In recent days, the media has been buzzing with reports suggesting that Deputy Premier Cheng Wen-tsang of Taiwan may have been caught in a deepfake scandal. A video circulating online appears to show Cheng Wen-tsang in a compromising situation with a woman in a hotel room. However, Cheng vehemently denies the authenticity of the video, claiming it has been manipulated and edited. He has even threatened legal action against those responsible.
Screenshot of the video showing Cheng Wen-tsang and a woman entering a hotel has been circulating on the internet, Cheng Wen-tsang claims it has been edited. (Source: Yahoo! news)
Minister of Justice Tsai Ching-hsiang weighed in on the matter, explaining that they are yet to receive any official information about whether the individuals involved have initiated legal proceedings. As for the authenticity of the video, Tsai Ching-hsiang asserted that from a technical standpoint, there seem to be no issues. However, the ultimate judgement may depend on the responsible authorities and their expertise in handling such cases.
Coincidentally, DPP legislator Chao Tien-lin found himself in a similar situation as photos of his extramarital affair with a Chinese woman emerged. Simultaneously, online videos have surfaced, allegedly showing Deputy Premier Cheng Wen-tsang in a compromising position with a woman in a hotel room. Cheng has firmly denied his involvement, asserting that the video was manipulated through editing and key portions were obscured. He has taken legal action against the fan page that disseminated the video in an effort to uncover the truth behind its source.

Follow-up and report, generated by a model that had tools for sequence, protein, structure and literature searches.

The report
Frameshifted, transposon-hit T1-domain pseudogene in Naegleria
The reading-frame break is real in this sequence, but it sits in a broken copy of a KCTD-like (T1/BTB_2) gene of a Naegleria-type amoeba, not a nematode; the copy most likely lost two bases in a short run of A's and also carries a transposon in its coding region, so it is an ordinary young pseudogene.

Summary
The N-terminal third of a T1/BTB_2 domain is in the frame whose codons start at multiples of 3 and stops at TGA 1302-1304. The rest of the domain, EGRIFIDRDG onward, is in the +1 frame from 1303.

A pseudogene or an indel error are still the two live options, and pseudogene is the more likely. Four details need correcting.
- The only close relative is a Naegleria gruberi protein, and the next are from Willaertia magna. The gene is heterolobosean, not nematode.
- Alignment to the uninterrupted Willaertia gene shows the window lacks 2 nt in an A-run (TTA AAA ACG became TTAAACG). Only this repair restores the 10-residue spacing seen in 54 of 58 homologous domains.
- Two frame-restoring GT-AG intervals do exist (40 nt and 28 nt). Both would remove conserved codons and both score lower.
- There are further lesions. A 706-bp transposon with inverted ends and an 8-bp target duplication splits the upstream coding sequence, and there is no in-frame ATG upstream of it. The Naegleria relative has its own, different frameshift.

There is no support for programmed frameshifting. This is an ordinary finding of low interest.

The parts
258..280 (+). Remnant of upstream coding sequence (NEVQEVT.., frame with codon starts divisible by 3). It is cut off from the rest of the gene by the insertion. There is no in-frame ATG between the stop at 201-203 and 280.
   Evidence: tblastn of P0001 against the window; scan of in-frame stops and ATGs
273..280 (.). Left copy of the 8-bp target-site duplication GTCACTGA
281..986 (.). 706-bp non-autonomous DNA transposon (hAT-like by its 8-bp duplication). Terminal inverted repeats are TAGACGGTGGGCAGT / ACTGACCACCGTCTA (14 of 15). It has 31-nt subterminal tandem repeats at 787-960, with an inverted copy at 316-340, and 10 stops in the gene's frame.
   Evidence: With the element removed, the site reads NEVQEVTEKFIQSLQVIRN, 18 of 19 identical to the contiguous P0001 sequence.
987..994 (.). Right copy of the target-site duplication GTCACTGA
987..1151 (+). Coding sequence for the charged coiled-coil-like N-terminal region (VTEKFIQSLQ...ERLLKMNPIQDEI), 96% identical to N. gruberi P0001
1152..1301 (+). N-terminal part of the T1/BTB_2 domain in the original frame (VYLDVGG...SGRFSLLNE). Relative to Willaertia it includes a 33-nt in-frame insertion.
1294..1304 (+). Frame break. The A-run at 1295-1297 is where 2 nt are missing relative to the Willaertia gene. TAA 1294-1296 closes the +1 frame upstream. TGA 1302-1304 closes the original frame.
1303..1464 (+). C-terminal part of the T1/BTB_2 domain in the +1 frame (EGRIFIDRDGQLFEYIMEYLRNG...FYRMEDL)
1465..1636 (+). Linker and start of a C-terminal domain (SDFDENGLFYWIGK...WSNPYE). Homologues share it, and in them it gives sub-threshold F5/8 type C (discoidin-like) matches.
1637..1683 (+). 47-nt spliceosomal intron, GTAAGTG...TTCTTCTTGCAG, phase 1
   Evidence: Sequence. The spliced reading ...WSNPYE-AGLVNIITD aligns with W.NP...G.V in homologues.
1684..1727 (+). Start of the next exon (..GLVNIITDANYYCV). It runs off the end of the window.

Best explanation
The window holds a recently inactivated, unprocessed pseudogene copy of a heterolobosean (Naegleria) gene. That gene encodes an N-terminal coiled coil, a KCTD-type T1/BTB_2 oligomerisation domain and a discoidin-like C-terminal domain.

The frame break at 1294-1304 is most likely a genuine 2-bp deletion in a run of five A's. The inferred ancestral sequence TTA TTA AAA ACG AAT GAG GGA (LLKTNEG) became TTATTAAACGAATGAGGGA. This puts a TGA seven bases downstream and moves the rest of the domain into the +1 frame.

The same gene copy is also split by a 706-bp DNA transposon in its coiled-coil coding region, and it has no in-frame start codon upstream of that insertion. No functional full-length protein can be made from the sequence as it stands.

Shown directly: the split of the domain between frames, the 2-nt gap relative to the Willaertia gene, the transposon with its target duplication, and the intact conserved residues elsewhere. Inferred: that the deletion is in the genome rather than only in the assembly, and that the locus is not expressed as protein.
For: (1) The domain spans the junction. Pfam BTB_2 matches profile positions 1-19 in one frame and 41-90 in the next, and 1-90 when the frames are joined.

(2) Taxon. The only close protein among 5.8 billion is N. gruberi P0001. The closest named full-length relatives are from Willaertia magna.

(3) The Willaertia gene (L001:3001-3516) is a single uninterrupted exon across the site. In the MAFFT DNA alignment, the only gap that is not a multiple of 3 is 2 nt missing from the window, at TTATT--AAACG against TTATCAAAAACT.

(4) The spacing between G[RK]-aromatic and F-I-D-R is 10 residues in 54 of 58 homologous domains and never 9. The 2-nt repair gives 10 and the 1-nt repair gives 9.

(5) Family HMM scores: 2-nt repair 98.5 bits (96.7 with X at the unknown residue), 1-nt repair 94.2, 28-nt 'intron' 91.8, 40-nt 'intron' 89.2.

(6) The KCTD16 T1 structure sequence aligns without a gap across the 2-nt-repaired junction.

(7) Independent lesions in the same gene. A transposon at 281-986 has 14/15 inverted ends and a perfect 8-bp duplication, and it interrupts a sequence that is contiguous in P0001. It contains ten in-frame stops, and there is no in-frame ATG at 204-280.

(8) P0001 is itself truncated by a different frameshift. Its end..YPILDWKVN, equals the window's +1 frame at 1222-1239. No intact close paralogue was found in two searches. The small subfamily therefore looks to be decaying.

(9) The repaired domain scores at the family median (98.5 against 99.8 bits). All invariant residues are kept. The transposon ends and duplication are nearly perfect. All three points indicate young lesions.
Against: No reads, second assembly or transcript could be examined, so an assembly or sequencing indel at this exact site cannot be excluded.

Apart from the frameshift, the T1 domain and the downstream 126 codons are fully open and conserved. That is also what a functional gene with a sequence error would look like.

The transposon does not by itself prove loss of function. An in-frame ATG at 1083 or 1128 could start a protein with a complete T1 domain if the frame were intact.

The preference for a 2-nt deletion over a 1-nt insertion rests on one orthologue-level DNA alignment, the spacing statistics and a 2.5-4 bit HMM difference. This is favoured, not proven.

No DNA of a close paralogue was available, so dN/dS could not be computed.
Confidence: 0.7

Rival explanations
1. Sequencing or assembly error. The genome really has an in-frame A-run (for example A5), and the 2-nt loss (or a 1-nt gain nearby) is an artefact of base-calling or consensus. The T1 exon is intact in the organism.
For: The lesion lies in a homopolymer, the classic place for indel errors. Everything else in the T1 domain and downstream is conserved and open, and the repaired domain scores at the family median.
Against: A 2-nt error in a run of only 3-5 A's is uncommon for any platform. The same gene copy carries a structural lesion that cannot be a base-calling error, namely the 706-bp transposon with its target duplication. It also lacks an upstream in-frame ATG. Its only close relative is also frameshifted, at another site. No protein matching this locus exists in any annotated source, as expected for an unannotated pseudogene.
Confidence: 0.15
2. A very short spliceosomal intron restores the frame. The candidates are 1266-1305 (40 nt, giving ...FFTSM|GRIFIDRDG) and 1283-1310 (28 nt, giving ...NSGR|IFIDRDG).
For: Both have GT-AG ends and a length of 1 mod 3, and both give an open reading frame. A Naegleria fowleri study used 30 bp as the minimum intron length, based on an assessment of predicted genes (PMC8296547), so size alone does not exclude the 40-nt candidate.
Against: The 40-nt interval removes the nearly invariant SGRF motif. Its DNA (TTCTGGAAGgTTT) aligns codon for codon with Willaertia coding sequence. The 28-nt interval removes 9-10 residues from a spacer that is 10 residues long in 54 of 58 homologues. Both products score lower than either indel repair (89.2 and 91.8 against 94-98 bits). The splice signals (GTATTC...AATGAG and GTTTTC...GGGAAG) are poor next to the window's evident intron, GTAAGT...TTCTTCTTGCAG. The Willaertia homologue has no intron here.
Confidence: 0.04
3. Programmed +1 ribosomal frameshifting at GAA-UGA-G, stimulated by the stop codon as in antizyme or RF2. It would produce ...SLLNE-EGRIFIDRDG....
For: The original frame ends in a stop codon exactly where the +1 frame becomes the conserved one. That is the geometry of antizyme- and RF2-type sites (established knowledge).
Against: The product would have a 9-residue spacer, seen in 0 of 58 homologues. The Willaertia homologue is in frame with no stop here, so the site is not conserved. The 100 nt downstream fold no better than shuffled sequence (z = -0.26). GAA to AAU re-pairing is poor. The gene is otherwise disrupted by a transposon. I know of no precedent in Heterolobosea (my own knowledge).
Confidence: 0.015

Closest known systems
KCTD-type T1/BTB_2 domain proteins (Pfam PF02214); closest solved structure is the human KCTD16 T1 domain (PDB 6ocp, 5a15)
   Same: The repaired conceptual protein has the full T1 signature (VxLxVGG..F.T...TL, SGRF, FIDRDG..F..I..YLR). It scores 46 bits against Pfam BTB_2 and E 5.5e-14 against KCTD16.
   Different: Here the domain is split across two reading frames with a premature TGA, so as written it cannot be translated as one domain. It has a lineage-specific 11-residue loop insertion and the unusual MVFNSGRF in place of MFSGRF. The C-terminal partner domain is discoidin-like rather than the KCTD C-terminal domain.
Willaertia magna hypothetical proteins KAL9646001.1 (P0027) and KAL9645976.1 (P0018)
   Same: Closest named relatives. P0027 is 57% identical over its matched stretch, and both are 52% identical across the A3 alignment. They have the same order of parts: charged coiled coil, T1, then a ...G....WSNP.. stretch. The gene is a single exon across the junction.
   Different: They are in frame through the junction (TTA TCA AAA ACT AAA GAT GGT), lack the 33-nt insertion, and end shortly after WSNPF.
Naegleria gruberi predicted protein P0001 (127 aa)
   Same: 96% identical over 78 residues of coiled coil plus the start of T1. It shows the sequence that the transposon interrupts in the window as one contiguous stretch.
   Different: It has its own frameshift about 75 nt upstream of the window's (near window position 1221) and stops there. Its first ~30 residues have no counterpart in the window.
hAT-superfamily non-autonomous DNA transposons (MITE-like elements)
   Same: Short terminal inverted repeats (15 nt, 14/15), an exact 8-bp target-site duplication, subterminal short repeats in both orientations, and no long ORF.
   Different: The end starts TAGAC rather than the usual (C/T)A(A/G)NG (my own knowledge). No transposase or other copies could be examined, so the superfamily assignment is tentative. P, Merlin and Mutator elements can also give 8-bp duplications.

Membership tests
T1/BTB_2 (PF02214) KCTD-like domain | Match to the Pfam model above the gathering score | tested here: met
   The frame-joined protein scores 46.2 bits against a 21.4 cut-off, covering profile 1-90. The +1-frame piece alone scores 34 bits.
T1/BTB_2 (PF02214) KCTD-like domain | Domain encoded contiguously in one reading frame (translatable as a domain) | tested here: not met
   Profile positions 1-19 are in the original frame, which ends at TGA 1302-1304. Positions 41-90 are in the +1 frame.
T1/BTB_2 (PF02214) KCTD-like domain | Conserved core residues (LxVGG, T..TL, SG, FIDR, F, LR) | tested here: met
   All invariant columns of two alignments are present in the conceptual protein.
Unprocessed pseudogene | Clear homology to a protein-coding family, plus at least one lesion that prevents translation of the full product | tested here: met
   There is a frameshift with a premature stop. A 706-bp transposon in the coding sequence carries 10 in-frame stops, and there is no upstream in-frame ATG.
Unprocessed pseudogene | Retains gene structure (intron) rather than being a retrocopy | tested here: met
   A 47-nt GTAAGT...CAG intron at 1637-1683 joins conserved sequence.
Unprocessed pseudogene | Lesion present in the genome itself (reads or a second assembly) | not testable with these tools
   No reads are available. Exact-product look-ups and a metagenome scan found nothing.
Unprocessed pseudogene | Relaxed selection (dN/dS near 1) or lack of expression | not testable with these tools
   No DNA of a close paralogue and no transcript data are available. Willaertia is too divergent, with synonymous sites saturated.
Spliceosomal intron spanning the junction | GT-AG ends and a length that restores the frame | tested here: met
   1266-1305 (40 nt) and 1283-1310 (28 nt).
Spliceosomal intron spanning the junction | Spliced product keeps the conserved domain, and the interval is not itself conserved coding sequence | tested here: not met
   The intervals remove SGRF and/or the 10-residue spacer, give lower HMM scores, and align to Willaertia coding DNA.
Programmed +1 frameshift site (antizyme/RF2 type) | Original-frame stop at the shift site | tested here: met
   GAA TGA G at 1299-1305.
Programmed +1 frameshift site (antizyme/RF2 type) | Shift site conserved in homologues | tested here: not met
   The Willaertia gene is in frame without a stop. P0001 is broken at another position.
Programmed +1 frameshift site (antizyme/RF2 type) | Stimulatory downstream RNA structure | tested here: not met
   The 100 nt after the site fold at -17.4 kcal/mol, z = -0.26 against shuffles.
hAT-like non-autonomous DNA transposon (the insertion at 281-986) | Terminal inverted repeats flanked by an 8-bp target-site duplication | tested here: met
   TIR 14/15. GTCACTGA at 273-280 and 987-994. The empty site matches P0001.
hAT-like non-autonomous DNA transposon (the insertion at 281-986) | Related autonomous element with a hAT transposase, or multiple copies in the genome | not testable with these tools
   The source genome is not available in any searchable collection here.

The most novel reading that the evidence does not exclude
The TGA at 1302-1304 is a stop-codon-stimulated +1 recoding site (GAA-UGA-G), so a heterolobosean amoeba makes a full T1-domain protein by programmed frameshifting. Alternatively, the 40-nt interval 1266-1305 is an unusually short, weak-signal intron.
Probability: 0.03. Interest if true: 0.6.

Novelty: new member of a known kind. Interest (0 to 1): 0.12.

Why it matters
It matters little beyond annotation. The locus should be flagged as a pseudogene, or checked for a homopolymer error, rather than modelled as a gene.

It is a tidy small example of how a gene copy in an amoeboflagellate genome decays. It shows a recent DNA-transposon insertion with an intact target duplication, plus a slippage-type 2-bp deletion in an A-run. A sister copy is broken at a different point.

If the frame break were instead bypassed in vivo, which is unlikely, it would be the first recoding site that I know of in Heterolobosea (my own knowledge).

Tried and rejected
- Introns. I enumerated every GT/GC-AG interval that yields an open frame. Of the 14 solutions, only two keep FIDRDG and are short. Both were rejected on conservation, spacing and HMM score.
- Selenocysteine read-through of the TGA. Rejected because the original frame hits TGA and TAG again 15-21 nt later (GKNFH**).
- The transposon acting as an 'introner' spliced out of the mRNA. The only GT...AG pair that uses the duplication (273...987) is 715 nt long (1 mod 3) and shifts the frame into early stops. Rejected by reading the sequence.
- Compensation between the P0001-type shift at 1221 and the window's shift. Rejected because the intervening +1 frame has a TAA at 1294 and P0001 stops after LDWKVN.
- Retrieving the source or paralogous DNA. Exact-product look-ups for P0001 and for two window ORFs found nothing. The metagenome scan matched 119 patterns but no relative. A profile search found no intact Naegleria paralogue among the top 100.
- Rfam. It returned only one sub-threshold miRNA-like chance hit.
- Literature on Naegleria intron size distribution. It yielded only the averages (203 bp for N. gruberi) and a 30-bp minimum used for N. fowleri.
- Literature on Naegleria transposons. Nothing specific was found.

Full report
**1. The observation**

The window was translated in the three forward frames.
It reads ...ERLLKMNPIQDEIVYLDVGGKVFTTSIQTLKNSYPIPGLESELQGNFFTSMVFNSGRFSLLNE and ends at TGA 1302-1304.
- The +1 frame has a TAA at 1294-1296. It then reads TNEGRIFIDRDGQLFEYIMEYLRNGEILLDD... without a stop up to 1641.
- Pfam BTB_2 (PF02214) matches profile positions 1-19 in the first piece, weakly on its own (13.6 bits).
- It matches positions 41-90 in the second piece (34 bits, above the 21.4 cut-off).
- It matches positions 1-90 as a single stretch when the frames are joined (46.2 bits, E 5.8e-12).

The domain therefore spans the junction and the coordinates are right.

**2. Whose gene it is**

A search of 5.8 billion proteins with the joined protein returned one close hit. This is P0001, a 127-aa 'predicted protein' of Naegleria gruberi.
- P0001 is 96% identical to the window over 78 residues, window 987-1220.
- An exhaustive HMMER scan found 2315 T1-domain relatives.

Akihisa Yaita, the Taiwan Bureau Chief for Japanese Sankei News, provided an interesting perspective. He suggested that most of the photos related to Chao Tien-lin were taken by his Chinese girlfriend using a mobile phone for selfies. Yaita speculated that the original versions of these photos may now be in the possession of Chinese authorities.
With the upcoming combined presidential and legislative elections in mind, Prosecutor General Hsing Tai-chou has repeatedly highlighted the need to address emerging trends in election interference. These trends include betting markets, foreign influence, and the use of AI technology to generate deepfake content, such as audio, video, images, and text. It is considered vital to ensure election fairness, and addressing the issue of generative AI and deepfakes requires prompt clarification, content removal, source tracing, and an investigation into the culprits.
Cheng Wen-tsang remains steadfast in his assertion that the video is a manipulated fabrication, and he is pursuing legal action to clear his name. Meanwhile, Minister of Justice Tsai Ching-hsiang has indicated that they are awaiting more information regarding the lawsuit, including which agency it will be directed at, and whether it will be a civil or criminal case.
In response to queries about the possibility of authenticating these videos as AI-generated deepfakes, Tsai Ching-hsiang referred to the recent demonstration of deepfake detection technology by the investigation bureau. He reiterated that there appear to be no technical obstacles to this task. However, the final verdict will depend on the expertise of the relevant authorities handling the case.
This comprehensive coverage of the deepfake controversy surrounding Deputy Premier Cheng Wen-tsang and its implications for election security underscores the evolving challenges in the age of digital politics, where AI manipulation and fake media resources can significantly influence electoral outcomes. This underscores the significance of having AI regulations in place.